A questionnaire survey has been conducted in prioritizing the barriers in implementing relational contract and eventually prioritizing the elements of relational contract to be adopted in the delivery of public infrastructure project, which is initiated with the awareness and acceptance of relational contract in the current practices of construction players in Malaysia. This question is important to ask as it also affects whether or not relational contract is implementable and doable in Malaysia construction industry particularly while delivering public infrastructure projects preferably procured via PPP.
In achieving the aim and objectives of this paper, a quantitative non-experimental research of questionnaire survey has been carried out to develop the framework of the relational contract elements, which is suitable for the delivery of public infrastructure in Malaysia. This questionnaire is developed from the collection of literature reviews on relational contract implemented around the globe where the respondents are required to prioritize the barriers in implementing relational contract in Malaysia as well as the relational contract elements, which they think suitable to be adopted in the delivery of public infrastructure project in Malaysia.
The questionnaire survey is sectioned into four: demographic data of respondents, respondents’ awareness of relational contract, potential barriers in implementing relational contract and relational contract elements to be adopted in public infrastructure project delivery in Malaysia. Prior to the questionnaire survey, a pilot survey has been conducted to determine the reliability of the scale and the items in the scale via reliability analysis using the Cronbach’s alpha method based on internal consistency (Zaidatun and Mohd. Salleh, 2003) as well as to determine the internal validity in correctly interpreting the relationships between variables (Punch, 2006). The results of the analysis demonstrate that the reliability coefficient is 0.87, thus are considered reliable to be used as the tool for questionnaire survey.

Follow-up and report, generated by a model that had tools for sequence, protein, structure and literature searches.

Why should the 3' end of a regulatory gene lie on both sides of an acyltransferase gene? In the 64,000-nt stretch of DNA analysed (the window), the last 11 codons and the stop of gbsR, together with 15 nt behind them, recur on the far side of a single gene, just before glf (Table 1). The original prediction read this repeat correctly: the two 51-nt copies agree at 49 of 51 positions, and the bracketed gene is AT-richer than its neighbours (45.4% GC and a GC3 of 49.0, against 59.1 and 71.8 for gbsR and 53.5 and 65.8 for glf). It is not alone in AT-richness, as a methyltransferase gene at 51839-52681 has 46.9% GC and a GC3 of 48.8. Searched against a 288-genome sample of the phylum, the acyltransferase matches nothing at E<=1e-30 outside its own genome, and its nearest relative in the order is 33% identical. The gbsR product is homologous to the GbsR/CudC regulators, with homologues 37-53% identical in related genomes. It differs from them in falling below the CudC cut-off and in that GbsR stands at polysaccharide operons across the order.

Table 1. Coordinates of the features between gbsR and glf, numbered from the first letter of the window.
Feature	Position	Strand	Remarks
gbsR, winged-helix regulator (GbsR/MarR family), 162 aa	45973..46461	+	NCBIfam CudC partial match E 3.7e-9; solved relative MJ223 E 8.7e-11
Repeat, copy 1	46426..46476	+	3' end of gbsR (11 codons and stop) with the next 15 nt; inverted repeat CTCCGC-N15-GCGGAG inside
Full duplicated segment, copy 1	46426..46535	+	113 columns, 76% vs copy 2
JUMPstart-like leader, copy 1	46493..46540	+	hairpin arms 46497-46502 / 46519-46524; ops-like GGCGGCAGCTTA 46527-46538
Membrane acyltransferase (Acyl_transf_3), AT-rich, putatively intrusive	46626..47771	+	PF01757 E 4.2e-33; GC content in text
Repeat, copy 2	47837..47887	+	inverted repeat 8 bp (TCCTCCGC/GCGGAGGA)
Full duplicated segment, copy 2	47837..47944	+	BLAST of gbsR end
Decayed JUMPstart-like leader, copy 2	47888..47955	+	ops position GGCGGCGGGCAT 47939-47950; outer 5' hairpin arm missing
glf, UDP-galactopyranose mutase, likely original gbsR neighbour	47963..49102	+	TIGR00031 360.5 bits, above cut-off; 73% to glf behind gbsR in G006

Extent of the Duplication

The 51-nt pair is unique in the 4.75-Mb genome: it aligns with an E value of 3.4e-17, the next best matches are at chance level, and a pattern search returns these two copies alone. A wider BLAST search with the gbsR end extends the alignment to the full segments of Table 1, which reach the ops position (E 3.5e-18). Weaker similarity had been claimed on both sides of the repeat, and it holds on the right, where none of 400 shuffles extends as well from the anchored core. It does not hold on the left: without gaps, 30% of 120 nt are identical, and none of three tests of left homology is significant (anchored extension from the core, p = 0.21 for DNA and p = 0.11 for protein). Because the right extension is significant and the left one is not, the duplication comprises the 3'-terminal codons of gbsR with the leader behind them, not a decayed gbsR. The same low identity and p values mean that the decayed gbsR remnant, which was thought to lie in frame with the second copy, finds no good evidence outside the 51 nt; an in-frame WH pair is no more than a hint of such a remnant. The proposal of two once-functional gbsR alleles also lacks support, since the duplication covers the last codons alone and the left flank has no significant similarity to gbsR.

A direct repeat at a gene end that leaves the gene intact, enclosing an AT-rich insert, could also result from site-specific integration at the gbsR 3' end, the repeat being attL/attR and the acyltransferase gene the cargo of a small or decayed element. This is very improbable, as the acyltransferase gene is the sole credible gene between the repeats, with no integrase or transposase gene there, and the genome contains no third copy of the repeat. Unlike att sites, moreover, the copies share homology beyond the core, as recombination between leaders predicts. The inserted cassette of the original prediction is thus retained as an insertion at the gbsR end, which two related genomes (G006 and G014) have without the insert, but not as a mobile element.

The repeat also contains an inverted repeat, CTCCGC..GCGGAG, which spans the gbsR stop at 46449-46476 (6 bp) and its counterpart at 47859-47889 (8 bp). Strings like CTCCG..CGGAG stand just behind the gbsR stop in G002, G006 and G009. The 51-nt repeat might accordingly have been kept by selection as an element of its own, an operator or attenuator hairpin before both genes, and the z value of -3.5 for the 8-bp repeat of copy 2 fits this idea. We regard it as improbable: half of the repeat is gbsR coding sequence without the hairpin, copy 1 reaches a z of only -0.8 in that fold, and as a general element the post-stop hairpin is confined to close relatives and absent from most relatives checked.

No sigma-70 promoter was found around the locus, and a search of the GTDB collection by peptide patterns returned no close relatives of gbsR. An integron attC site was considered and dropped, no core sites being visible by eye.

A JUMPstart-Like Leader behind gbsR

Based on the objectives of this paper, the simple random sampling (SRS) is adopted by assigning the respondents with a number of each unit of population of construction players involved in the delivery of public infrastructure in Malaysia. From the list of the construction players consisting of public and private sectors involved in the delivery of public infrastructure in Malaysia obtained from Construction Industry Development Board (CIDB), those involved in the public infrastructure delivery of the Ninth Malaysia Plan (9MP) with a total of 22 were approached.
The results of this questionnaire survey are subsequently analysed via Statistical Packages of Social Sciences (SPSS). It is noteworthy to highlight that this questionnaire survey considers the knowledge, understanding, perception and opinion of the respondents of the implementation of relational contract in Malaysia despite the experience solely based on the claim by Syuhaida et. al (2011) that relational contract in Malaysia is still at its infancy stage.
Awareness on Relational Contract